By Jessica Tuggle
VERO BEACH - The list of candidates for Vero Beach City Council sits at seven individuals for three seats.
Three incumbents and four other candidates will be on the November general election ballot this year.
Councilman Jay Kramer and Vice Mayor Craig Fletcher and fellow incumbent Mayor Pilar Turner hope to retain their seats on council over challenges from Brian Heady, Karen Kozdra and Dan Stump.
Mr. Kramer and Mr. Fletcher are featured in this article.
Mr. Kramer's deciding factor to run for re-election was to see the sale of the electric utility, a hot-button issue for Vero Beach for several years, to completion.
"For the next two years it's going to be about how Vero Beach will restructure after the utility sale," Mr. Kramer said.
The Vero Beach City Council and city manager have kept abreast of negotiations between attorneys for the city and Florida Power & Light. Recently, the attorneys have said a closing date on the sale could be early in 2014.
"By the time the election rolls around, I think the decision will not be 'do we sell to FP&L,' but how will we react to it," he said.
Mr. Kramer differs slightly from other current council members in that he believes residents should be consulted before a sale with FP&L is completed.
A sale will mean several million from the electric utility fund will no longer be offsetting the general fund, he said.
"We need to make sure the taxes don't go up and the deficit doesn't spill over into the services of Vero Beach and the flavor of Vero Beach doesn't get lost," Mr. Kramer said.
Mr. Kramer said he hopes to move forward with economic development projects throughout the city, including a special business improvement district in downtown Vero Beach.
He is interested in creating one for the Oceanside businesses if they are interested. The district area could be the recipients of revenue dedicated to improvements in the city.
Mr. Fletcher has served on a variety of advisory boards and committees.
Promises to the public to see through the sale of the electric utility are the biggest reason Mr. Fletcher has decided to run again for office.
"I couldn't walk away from the sale and I want to keep my promise," Mr. Fletcher said.
The anticipated closing date for the sale of the electric utility to FP&L is early 2014. Mr. Fletcher said he is fairly confident that the deal will go through and is excited about seeing it come to fruition and helping shape the changes the city will need as a result.
For some time now, the city has not been able to cover the costs of retirement benefits, about $11 million. The city has been paying $3 million a year to try and catch up, Mr. Fletcher said.
"It's a two-part problem at the city. No. 1is the retirement benefits. It's the same thing making hundreds of towns file for bankruptcy," Mr. Fletcher said.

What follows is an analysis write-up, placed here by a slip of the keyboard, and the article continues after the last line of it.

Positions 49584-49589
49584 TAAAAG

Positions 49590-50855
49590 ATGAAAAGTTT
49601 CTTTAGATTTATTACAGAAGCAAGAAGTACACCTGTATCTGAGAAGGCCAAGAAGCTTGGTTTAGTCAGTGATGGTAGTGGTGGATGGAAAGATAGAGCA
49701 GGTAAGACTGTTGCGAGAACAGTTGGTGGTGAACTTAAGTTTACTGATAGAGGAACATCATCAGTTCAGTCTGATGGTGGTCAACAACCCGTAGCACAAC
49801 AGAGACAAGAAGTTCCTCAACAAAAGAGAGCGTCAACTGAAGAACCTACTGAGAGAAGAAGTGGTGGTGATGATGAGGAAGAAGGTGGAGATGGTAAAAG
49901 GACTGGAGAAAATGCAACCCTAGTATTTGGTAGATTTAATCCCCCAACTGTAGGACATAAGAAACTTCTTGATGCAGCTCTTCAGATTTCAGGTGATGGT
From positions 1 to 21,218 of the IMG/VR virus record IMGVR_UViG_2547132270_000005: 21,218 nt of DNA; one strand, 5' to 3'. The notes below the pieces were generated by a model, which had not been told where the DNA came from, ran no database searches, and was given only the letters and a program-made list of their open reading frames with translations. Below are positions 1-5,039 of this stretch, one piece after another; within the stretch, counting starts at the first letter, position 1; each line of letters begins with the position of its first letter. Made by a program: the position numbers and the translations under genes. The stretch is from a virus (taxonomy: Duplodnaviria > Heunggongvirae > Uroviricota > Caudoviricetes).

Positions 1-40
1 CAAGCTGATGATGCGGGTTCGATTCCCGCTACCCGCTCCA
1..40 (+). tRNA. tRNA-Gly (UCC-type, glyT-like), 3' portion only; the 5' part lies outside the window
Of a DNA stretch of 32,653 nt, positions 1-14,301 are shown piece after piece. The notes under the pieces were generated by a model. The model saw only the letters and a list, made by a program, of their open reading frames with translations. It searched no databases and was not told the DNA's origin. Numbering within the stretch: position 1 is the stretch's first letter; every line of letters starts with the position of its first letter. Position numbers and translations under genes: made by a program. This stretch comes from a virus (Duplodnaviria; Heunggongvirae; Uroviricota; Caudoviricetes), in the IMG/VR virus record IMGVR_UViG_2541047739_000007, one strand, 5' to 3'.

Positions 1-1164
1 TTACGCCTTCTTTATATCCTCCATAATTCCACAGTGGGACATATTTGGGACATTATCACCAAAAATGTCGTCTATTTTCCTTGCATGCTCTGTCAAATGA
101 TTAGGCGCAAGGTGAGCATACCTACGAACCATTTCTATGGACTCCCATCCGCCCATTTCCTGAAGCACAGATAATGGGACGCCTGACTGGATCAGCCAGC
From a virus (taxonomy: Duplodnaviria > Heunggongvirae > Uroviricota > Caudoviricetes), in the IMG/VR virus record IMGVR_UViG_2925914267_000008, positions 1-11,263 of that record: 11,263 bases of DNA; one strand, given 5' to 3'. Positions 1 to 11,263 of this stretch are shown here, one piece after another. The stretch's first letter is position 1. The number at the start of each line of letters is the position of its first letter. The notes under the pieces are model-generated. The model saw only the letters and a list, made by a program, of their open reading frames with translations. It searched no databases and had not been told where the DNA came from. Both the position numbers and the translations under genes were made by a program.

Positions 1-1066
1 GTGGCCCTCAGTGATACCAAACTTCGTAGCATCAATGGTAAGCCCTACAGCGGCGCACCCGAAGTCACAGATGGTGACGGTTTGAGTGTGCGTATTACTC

The second part of the problem is an inefficient power plant causing high electric costs for customers, he said.
The plant is using equipment that is 50 years old. Newer technologies have since been developed so other power companies have been able to keep costs lower for customers, Mr. Fletcher said.
To try and upgrade wouldn't be fiscally responsible because the city would need to go further in debt to make it happen, he said.
"It's a dinosaur waiting to die," Mr. Fletcher said.
Both problems can be addressed in one action: the sale to FP&L, he said.
As the current negotiations stand, the city would make about a $40 million profit from the sale to FP&L and it would no longer have as many employees. The $40 million could be used to pay the cost of the retirement benefits, which would then allow the city to effectively restart the program and institute caps on the program, Mr. Fletcher said.
The $3 million the city currently pays to try to bring down the retirement program debt could be used for something else in the general fund and as a result of the sale, people and businesses currently on city electric would see a decrease in their monthly bills.
Once the power plant is gone, the city will have riverfront property and Mr. Fletcher hopes some other revenue-producing business could take its place.
Detractors from the sale have said the budget shortfall from losing the revenue-generating utility is high and would mean residents would need to pay a lot more in taxes, but Mr. Fletcher doesn't think that will be necessary.
After the sale is approved, Mr. Fletcher said he'd like to see an entire reorganization of the city, which could lead to more cost-cutting measures and a leaner, more efficient workforce.
Combining that with a small change in the ad valorem tax rate would take care of outstanding dollars.
"It's not a real difficult problem to solve, but people are upset about it and I understand that," Mr. Fletcher said.
Hometown News is attempting to contact all candidates for city council for profiles.
To see more candidate profiles, read Hometown News or search online at www.myhometownnews.net.